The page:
John Allen Chau had gone to North Sentinel island, hitherto out of bounds for visitors, reportedly for preaching the Gospel to the tribe
A US citizen has been allegedly killed by Sentinelese tribesmen, one of the last remaining uncontacted tribal groups in the world.
27-year-old John Allen Chau, a resident of the southern state of Alabama, was last seen alive on November 16.
For a long time, North Sentinel Island, the home of the Sentinelese, had been out of bounds to Indian citizens and foreign nationals. However, in the first week of August 2018, the government of India removed the Restricted Area Permit (RAP) from 29 islands in order to foster tourism in the archipelago of Andaman & Nicobar. Thus, foreigners will now no longer require the RAP till December 31, 2022, to explore 29 islands in the Union Territory.
Media reports have stated that Chau was an evangelical preacher who wanted to preach the Christian faith to the Sentinelese.
“My sources have confirmed it. He was in touch with the pastor and congregation of Mayabunder, which is the headquarters of the North and Middle Andaman district. He had reportedly gone to North Sentinel on November 13. He ventured out again the next day, with seven local fishermen. He carried a Bible and an air pillow. On reaching the island, he told the others that he would be gone for 2-3 hours. While he went towards the forest, the others went to fish. When he did not return after the stipulated time, the fishermen started scanning the area with a pair of binoculars. They soon spotted his body half-buried in the sand on the beach,” relates Denis Giles, editor of local daily, The Andaman Chronicle.
He adds: “Whatever new information we get will depend on what the police decide to reveal. They are currently engaged in retrieving Chau’s body back. This itself is going to be very difficult since the police will have to scare the tribesmen away to get it back.”
Giles is angry with the authorities. “I do not have an issue with whether Allen was a tourist or a missionary. What I am concerned about is why did the government open the island to tourism in the first place? When we know from previous instances that the Sentinelese are hostile to outsiders, this should have never happened. More people will follow and such incidents are likely to recur.”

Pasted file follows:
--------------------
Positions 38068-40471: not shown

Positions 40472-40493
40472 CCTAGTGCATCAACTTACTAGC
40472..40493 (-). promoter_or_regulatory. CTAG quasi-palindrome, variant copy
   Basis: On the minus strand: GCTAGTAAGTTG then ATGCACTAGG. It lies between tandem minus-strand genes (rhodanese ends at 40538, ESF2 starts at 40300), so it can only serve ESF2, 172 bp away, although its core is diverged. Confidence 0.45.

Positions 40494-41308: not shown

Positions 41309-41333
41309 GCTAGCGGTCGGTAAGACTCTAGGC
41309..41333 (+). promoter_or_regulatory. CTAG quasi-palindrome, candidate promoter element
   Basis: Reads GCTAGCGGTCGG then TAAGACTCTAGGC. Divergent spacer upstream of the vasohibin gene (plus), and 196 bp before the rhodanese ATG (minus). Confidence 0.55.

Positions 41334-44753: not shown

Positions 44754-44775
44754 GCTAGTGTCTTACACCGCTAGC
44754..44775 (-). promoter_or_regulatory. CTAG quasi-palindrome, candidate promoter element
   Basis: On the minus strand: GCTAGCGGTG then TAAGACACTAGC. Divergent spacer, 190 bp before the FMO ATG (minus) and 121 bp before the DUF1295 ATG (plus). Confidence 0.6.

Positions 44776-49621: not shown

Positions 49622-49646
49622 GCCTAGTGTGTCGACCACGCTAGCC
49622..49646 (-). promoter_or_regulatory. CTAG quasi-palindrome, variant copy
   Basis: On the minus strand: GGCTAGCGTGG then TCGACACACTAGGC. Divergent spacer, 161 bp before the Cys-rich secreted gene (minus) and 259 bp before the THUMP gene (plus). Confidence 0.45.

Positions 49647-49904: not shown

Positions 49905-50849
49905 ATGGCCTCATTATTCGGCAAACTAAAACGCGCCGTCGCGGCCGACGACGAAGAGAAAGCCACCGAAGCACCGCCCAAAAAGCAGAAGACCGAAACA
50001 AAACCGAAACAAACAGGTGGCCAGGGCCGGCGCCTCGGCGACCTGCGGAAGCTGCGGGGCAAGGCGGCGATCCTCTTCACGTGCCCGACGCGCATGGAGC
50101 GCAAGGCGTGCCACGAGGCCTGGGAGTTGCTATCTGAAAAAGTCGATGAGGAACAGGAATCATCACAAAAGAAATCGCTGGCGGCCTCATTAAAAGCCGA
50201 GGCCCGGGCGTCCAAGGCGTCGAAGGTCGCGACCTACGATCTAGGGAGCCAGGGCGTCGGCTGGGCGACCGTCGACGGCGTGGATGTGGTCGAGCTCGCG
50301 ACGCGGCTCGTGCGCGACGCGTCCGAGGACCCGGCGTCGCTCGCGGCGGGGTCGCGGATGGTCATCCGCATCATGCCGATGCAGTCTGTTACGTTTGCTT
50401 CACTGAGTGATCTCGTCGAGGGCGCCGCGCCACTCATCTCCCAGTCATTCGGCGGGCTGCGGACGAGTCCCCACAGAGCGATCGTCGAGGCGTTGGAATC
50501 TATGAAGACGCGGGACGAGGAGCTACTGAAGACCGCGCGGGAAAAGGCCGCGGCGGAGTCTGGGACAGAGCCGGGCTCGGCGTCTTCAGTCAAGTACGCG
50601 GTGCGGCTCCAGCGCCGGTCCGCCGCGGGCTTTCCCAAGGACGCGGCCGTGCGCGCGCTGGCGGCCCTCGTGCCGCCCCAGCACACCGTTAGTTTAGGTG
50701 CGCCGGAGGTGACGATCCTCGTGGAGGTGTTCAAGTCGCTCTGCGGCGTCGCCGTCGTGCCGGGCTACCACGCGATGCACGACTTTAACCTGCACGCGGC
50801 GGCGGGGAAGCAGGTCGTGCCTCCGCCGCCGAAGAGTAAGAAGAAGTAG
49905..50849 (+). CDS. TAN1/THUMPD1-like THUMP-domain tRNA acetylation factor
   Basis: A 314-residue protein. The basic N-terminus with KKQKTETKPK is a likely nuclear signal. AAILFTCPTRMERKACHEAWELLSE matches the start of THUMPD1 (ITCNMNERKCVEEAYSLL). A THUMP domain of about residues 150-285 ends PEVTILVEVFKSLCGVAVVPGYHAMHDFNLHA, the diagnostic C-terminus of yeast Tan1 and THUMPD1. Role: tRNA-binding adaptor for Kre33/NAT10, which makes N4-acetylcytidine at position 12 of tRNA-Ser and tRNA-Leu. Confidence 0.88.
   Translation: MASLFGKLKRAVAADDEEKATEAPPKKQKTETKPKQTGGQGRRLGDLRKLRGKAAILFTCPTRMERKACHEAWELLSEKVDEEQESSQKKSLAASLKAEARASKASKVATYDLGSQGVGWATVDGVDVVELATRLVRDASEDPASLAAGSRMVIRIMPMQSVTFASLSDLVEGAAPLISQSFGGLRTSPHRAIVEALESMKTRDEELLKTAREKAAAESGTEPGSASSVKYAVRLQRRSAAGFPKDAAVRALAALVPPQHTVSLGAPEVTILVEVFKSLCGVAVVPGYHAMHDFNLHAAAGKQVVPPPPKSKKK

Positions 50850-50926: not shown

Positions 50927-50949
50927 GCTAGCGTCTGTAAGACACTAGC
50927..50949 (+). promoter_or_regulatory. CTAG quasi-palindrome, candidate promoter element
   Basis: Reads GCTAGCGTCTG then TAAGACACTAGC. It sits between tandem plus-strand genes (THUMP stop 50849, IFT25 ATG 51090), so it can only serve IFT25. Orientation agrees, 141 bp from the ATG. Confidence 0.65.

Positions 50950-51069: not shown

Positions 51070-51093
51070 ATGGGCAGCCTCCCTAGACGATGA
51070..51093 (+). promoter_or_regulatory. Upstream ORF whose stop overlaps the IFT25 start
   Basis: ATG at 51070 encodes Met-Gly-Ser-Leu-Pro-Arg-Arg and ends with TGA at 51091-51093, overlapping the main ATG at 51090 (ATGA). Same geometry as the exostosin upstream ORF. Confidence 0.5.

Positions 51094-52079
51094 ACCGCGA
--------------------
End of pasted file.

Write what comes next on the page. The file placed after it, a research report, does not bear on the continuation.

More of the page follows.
In 2006, two fishermen, drunk on palm wine, had drifted in a boat to the shore of North Sentinel Island. They were reportedly killed by the Sentinelese. Even when an Indian coastguard chopper went to the area to investigate and recover their bodies, it was attacked with bows and arrows by Sentinelese warriors.
In 2004, after the Indian Ocean Tsunami, a member of the Sentinelese shot an arrow at an Indian Coast Guard helicopter that flew over North Sentinel Island to assess whether any damage had been caused.
The Sentinelese tribe, which is protected under the Andaman and Nicobar Islands (Protection of Aboriginal Tribes) Regulation Act, 1956, is one of the 6 aboriginal groups of the archipelago which also include the Great Andamanese, the Jarawa, the Onge, the Shompen and the Nicobarese. They are descended from the earliest humans that ventured out of Africa.
Trilokinath Pandit, who was the only anthropologist member of the the expedition in 1967 to North Sentinel Island and who has written the book “The Sentinelese” also spoke to Down To Earth on the issue. “I do not know the exact details of the incident. But I would like to believe that the Sentinelese did not kill this man. From what I saw of the tribe back in the 1960s, they never killed people whom they were hostile to. They did shoot warning arrows at such people but not on target. Only in one case did an arrow hit somebody, causing a minor wound. Nevertheless, the incident should be thoroughly probed,” he said.
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